I’m sure you’re as riveted to the TV as I am when a commercial appears featuring a young man, his girlfriend, and their Waymo driverless car. The couple is amazingly pleasant and personable. “Nice young people,” you might think. Then you learn that the well-spoken, confident young man is blind. “Isn’t that a shame,” is your next thought, “Because that so limits him.”
But then you learn he’s not so limited. He swam to Alcatraz, for example, and climbed Mount Everest -- both of these accomplishments, I’m sure, realized with a companion to guide him. Indeed, guiding him is why he and his girlfriend are on TV. They’re on TV to advertise how pleased they are with Waymo driverless cars. These cars can, he points out, get him to wherever he wants to go even though he’s blind. The ad is charming and delightful and, I expect, bring smiles to the faces of those who watch it.
They also reminded me that there have been driverless vehicles for at least a century. I know because my Uncle Norman, who was born in 1909, told me that he “drove” one.
Turns out that when Uncle Norman graduated from high school in Chicago in 1917, he needed a job and so called his paternal grandfather who owned Northwestern Dairy. And so he became a milkman in Chicago. And the vehicle he drove was powered by a horse. Forgive my not recalling the horse’s name.
Uncle Norman would show up at Northwestern Dairy first thing in the morning, hitch up the horse, fill the wagon with the required number of full bottles (made of real glass) of milk, chocolate milk, cream, and whatever else his customers wanted, so he and the horse could head out.
When he navigated them to the neighborhood he served, he’d guide the horse to his first stop, call out “whoa,” and as the milk wagon stopped moving, he grabbed the necessary bottles, hopped off, and headed to the rear of the building where his client lived, and delivered them, returning to the cart with the empties. He’d stow them where the empties were kept, grab the reins, and head out to his next stop — which was often next door.
Once there, he’d repeat grabbing the fresh bottles, collecting the empties, and heading on his way.
Sounds a little tedious and monotonous to me. But, he assured me, with a big smile, that it was anything but.
What made dropping off full bottles and picking up empties fun? A number of things. First among them being that he often met and chatted with his customers, learning over the years about them and their families, such that he almost felt like a relative in asking after the family’s kids, how things were going with the parents, and … well, I’m sure you can imagine.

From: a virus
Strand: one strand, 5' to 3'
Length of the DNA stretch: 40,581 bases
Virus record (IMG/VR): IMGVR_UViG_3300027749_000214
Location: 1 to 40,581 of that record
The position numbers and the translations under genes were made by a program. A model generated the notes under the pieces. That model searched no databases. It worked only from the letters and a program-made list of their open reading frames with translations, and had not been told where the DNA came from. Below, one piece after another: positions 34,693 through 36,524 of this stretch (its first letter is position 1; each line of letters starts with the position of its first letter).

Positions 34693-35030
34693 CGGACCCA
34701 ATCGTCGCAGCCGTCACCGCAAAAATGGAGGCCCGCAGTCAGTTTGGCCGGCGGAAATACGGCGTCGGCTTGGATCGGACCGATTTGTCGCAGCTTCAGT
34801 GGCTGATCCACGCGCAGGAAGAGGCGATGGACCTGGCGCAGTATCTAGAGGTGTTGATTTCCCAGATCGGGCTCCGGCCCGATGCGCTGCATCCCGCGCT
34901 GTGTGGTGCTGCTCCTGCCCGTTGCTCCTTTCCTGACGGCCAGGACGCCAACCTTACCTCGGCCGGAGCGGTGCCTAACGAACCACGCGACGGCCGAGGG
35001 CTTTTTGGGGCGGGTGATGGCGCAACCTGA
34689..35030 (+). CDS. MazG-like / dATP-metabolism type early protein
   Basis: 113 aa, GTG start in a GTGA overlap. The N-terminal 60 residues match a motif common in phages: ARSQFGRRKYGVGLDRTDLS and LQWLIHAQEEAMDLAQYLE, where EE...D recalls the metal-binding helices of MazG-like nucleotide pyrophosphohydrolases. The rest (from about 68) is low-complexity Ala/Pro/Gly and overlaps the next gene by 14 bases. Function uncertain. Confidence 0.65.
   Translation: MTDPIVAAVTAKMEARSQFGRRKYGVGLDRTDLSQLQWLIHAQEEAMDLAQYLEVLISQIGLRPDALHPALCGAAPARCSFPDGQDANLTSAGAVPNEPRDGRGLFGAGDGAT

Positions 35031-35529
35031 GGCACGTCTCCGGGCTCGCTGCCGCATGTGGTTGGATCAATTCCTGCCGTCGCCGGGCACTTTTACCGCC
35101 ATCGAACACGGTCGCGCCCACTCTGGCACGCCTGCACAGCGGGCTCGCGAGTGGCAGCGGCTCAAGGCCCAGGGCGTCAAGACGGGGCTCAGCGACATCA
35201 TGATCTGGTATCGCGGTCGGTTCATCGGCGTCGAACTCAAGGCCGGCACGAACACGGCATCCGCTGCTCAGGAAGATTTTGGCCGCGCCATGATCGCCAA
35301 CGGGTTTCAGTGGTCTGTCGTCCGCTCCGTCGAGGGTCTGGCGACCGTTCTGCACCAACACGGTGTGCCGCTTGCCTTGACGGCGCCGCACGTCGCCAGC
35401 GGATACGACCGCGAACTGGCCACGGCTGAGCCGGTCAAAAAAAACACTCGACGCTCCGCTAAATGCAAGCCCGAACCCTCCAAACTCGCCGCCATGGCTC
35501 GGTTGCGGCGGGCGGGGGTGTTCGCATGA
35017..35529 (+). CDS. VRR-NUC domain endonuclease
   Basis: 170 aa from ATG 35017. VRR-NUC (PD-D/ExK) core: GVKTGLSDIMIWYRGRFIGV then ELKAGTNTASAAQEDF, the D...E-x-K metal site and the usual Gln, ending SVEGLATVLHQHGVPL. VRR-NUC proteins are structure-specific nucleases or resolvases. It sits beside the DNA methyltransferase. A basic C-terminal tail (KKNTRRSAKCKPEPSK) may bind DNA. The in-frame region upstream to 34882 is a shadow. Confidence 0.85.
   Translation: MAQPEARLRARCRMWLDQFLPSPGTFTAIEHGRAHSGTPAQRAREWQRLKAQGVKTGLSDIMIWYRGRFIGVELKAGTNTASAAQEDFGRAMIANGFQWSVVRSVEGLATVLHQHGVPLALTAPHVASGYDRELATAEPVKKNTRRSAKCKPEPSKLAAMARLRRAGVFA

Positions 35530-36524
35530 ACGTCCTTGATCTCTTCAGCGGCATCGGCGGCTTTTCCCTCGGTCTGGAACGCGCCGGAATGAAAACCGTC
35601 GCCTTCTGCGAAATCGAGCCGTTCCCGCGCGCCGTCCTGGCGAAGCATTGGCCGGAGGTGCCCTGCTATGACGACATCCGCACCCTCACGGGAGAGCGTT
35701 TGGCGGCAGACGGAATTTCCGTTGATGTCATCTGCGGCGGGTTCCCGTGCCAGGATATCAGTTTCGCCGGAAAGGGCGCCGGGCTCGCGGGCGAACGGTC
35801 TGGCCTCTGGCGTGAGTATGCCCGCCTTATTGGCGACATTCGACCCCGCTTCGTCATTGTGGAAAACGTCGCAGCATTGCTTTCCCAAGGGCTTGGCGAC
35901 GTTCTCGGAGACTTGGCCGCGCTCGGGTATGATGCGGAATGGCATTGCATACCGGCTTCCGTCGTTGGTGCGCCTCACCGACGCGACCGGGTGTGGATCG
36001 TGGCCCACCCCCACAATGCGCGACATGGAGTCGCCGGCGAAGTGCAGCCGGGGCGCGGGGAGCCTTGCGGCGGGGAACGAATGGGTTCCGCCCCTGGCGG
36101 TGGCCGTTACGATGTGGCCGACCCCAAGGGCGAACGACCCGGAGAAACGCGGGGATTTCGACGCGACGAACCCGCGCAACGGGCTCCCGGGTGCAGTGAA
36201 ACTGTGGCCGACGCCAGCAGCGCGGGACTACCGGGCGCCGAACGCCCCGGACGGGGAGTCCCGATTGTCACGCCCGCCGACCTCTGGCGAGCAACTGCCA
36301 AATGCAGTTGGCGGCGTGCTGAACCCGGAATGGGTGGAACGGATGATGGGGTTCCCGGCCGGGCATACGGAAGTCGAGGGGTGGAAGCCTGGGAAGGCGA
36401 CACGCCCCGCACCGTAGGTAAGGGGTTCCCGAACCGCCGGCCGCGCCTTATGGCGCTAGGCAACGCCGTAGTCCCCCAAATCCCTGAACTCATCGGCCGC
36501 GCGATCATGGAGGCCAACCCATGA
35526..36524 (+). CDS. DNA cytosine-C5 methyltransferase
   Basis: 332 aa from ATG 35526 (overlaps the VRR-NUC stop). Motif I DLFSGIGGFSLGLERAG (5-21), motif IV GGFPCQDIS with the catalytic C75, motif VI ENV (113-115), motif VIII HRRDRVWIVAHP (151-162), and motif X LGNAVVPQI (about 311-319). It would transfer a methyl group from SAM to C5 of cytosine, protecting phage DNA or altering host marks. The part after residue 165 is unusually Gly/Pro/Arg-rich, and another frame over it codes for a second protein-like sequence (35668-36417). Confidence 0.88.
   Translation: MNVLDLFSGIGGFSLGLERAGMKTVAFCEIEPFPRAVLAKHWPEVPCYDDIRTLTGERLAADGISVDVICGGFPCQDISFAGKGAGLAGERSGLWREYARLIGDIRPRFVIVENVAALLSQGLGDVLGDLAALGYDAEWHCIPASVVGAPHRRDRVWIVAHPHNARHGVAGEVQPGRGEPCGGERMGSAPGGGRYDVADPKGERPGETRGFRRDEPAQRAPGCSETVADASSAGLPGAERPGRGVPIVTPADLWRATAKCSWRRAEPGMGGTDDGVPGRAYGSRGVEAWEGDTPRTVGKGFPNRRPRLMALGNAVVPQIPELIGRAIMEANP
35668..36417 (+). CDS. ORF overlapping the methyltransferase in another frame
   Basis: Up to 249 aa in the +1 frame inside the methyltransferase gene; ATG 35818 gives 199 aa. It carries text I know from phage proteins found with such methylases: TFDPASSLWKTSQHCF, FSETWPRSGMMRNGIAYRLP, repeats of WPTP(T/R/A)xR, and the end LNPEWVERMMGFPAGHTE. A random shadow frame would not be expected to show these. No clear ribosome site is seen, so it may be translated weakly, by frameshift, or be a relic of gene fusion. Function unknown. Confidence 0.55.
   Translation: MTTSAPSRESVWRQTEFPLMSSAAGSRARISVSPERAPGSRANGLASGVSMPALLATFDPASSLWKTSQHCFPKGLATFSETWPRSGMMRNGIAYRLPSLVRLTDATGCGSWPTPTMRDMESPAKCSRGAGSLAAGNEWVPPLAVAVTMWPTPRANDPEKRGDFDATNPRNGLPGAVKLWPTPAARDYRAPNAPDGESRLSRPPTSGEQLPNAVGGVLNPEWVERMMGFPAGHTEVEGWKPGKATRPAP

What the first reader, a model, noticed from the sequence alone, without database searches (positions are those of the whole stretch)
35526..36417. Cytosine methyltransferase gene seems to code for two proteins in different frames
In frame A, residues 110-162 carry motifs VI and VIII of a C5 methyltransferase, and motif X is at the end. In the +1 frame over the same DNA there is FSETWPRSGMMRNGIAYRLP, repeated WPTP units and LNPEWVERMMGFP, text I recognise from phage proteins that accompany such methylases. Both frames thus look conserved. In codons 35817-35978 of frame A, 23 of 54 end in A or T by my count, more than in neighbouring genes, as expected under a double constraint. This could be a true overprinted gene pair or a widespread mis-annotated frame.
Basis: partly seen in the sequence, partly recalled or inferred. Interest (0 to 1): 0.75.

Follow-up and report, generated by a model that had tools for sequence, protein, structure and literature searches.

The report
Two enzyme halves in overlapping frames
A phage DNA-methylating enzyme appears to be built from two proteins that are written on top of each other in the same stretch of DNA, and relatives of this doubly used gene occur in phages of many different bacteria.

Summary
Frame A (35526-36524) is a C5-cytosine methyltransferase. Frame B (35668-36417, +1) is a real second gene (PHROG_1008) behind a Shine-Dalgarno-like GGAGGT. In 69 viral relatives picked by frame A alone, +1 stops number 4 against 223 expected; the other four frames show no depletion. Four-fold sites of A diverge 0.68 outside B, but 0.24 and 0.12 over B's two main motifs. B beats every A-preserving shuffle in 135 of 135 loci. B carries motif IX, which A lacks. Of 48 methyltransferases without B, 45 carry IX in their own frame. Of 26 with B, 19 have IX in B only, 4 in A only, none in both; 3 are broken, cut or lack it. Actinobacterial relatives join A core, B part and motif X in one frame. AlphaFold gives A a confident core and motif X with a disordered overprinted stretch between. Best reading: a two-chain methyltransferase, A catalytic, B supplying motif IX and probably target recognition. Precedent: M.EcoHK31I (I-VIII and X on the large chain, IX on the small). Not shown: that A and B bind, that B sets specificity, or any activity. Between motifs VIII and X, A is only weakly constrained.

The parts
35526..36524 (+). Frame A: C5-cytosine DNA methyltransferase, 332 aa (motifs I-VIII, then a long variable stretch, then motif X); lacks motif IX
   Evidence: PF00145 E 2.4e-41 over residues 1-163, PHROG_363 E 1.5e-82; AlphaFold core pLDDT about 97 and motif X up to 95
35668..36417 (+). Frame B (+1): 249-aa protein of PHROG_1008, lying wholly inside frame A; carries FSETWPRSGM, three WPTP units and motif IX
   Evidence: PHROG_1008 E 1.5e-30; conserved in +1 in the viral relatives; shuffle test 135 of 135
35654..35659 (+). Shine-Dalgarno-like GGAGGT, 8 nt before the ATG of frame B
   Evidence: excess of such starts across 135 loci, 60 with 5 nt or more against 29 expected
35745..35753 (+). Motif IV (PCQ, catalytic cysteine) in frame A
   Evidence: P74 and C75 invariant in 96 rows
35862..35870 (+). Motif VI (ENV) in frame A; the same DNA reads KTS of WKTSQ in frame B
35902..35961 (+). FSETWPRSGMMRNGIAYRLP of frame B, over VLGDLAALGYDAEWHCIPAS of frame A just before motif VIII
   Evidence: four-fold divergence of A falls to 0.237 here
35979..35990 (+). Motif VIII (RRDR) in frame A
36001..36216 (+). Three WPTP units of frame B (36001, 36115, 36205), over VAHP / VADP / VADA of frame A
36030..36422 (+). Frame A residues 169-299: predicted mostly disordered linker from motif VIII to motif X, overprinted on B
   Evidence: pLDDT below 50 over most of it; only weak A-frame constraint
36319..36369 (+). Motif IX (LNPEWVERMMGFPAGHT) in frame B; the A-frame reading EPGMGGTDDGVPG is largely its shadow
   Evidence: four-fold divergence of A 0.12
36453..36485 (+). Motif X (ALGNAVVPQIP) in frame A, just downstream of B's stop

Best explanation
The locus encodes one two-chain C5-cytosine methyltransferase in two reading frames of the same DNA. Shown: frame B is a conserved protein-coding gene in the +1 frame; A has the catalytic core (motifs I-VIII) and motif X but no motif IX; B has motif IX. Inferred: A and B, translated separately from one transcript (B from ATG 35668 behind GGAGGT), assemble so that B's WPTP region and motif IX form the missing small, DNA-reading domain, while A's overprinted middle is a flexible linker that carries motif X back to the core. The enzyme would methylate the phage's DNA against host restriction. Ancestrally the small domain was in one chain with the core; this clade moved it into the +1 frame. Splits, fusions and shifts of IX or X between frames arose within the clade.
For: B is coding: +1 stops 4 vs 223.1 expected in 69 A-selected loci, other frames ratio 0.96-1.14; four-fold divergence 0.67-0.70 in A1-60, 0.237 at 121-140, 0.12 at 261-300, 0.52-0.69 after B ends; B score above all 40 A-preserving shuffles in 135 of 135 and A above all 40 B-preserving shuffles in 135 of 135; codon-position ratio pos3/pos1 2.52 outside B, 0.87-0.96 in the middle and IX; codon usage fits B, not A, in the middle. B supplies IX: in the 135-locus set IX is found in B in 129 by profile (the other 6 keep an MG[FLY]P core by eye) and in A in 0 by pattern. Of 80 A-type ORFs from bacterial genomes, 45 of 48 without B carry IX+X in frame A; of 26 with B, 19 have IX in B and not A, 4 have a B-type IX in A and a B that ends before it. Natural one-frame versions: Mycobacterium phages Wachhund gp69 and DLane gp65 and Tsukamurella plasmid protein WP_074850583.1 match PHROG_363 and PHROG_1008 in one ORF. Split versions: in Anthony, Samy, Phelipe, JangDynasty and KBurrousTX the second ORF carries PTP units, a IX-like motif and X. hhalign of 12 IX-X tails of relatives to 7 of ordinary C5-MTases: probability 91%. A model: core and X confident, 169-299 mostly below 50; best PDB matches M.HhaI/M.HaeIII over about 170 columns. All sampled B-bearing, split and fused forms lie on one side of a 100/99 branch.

He also learned something else. It wasn’t long before his horse needed neither guidance nor encouragement. Once Uncle Norman and the horse left the barn and got to the neighborhood, the horse recognized each stop, knew to wait until he returned, and then headed on to the next stop. And she did these things without being asked or told to, and, once the horse learned each stop, where to go for the next delivery.
It didn’t take the horse long to learn that occasionally there were new clients and so new stops to be made, and that old clients were sometimes dropped from the route. Neither of these changes bothered the horse, unlike some people Uncle Norman knew who didn’t deal well with change.
The only thing I don’t know is whether the horse joined Uncle Norman and my other uncles and aunts in enjoying a good joke or a clever remark. I do know that the horse and cart became self-driving and so made Uncle Norman’s early mornings more than pleasant. Indeed, judging from the smile on his face when he told me of his early morning adventures in his driverless vehicle, he looked forward to working with his four-legged partner.
Hank Slotnick is a retired UND professor who, with his wife, winters in Pima, Ariz., and summers in Debs.